You’ve completed your erotic short story, your BDSM vignette, or your Giga giantess novella and it’s ready for sharing. Yet there’s that nagging doubt in the back of your mind:

“Did I overlook something? Is this ready to be seen?”

When you’re too close to your own work or brain-fried from laboring over it for so long, I’m the extra set of eyes you need to critically examine your work. Myself, I’m a giantess/size fetish writer, experienced with and a fan of many subgenres within fetish and erotica writing, and I’m eager to work with creators of these—here’s how I do that.

Other editors take great pride in their mistaken and outdated rules. They resist the evolution of our living language, and they may even use their “expertise” as a weapon to attack others, stifling brilliant ideas and shaming emerging voices into silence.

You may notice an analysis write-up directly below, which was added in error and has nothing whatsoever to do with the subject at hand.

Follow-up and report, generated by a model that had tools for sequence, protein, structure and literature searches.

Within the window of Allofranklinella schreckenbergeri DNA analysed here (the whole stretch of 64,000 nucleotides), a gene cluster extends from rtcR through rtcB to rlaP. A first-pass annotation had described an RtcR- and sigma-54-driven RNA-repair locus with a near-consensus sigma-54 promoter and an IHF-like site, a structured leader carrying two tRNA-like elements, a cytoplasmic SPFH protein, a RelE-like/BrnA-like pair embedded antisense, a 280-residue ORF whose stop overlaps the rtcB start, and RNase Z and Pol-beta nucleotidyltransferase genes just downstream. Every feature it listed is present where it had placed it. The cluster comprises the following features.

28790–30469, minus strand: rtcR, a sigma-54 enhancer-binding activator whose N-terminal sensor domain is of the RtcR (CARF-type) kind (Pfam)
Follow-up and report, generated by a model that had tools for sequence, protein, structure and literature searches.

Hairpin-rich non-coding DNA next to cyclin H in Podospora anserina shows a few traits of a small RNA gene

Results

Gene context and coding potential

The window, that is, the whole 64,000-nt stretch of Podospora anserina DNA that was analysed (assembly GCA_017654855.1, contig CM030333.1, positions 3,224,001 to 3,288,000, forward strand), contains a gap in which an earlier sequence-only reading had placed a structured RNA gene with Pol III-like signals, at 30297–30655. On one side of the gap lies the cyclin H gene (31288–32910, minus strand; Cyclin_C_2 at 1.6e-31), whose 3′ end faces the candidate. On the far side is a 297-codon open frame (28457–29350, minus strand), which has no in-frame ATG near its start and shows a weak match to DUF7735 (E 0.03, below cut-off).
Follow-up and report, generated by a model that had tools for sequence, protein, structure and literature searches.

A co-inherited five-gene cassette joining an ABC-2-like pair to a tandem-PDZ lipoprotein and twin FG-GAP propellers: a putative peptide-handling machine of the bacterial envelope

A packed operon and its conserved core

What makes me different is my flexibility: I’ve studied the history of English language, and I watch how it flows and changes today. The two things I always consider for how any body of writing should look are context and audience. The rules for submitting to an academic journal aren’t the same guidelines for BDSM or monster porn. Obviously.

Whether you’re going through traditional publishing or uploading your self-published work for sale, let’s talk about how to dress up your finished piece for presentation.